however they are all a joy to watch

Honey is NOT good for bird’s

Honey is NOT good for bird’s due it's bacteria growth and can be fatal to Birds

Anna's Hummingbirds typically

Anna's Hummingbirds typically over winter in this area...I have one or two pair that stay in my yard all winter. I keep a saucer style feeder under the eaves, beneath a spotlight that keeps the food liquid and warm all thru the icy months.

Hi Sharon, i live about 25

Hi Sharon, i live about 25 miles south of Seattle, and also see a hummingbird (or two) that do not migrate. I have winter blooming jasmine its yellow, and they love it. I love that its a natural food for them, that i don't have to thaw :)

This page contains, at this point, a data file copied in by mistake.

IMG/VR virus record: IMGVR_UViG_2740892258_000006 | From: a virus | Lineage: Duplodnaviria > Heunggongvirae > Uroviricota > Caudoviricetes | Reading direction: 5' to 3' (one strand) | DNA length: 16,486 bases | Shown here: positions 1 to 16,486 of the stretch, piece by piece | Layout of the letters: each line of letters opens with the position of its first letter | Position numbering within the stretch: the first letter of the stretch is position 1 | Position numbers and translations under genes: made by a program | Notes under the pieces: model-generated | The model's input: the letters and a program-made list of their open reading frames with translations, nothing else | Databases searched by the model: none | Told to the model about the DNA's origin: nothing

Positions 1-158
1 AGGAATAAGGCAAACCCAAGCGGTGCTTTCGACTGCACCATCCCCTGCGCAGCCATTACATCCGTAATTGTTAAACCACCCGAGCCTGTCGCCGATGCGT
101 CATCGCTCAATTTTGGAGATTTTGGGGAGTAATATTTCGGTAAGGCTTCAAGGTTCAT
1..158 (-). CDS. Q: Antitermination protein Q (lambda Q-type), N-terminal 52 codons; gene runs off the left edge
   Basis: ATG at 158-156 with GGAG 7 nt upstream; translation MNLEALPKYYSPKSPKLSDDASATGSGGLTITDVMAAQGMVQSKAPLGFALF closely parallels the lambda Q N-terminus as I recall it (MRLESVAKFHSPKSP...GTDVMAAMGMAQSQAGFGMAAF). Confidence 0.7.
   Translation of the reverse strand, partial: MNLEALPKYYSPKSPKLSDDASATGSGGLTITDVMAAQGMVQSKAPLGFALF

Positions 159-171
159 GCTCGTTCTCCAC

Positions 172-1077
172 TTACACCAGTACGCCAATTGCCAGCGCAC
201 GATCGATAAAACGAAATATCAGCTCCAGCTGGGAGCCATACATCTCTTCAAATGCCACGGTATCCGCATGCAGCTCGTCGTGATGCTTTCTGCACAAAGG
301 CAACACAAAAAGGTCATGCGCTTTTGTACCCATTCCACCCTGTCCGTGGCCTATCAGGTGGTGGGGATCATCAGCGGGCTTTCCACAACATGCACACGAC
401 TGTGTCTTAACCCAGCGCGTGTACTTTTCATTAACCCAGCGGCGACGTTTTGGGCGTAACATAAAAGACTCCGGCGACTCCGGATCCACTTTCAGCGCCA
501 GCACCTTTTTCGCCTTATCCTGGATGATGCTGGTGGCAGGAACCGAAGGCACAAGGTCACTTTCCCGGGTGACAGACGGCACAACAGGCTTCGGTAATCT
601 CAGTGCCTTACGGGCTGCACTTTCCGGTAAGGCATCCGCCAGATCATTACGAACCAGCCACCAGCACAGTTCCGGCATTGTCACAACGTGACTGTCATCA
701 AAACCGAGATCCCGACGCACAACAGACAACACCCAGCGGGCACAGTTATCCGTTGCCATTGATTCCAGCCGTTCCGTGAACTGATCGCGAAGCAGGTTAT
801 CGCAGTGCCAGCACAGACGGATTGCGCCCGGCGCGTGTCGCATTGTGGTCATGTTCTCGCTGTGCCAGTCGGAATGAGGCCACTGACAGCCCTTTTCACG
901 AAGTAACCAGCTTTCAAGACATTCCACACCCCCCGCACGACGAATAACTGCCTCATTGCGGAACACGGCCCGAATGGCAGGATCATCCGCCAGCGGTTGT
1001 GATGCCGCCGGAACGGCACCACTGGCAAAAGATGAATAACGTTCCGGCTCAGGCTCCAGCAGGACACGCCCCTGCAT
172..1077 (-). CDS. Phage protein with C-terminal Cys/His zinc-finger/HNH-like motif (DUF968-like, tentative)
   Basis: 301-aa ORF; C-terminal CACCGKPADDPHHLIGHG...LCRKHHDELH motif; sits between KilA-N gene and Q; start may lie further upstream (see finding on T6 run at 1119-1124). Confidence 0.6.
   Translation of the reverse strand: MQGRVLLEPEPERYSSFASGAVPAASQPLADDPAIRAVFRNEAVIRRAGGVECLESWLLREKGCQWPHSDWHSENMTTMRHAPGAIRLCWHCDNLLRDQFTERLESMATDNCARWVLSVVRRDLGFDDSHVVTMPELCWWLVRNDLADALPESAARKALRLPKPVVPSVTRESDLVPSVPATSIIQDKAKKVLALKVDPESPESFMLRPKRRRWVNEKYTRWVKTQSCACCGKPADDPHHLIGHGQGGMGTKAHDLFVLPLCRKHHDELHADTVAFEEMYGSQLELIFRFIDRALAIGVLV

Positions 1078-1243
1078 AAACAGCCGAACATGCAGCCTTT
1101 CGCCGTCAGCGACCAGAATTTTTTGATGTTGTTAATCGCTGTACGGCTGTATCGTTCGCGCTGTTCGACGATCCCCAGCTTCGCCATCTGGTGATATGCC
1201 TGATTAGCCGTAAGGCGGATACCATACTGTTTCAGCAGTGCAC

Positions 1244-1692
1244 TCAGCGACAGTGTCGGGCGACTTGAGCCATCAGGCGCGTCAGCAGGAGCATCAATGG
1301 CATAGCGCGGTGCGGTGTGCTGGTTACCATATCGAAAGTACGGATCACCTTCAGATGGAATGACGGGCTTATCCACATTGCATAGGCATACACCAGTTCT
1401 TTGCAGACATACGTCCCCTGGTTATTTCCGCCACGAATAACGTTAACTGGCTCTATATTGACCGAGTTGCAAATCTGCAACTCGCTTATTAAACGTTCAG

What little I know about

What little I know about hummingbirds is that most of them migrate in the winter months. And the way to tell if it is male or female is by looking at it's tail. When the tail is open females will have white in each outer corner. I feed my hummers in the winter also, but I don't thaw the feed or anything and they seem to do just fine.

I have alot of hummingbirds

I have alot of hummingbirds in my back yard. For the past 2 years, they all leave in the winter, except for 1. Don't know if it's a male or female, but I make sure the feeders are always full.When it freezes, I go out before it gets light and and bring the feeders in to warm them so it always has food.Is there a reason this little one doesn't go with the rest? I worry about it when we have winter storms here. We live about 25 miles north of Seattle.

I live south of Seattle and

I live south of Seattle and feed Anna's Hummingbirds all winter...they actually do over winter in this area. I keep a feeder under the eaves beneath a spot light that warms the area and the flat saucer style feeder so it never freezes.

Sugar water

Doesn't the sugar water freeze in winter? I brought mine in because of this reason?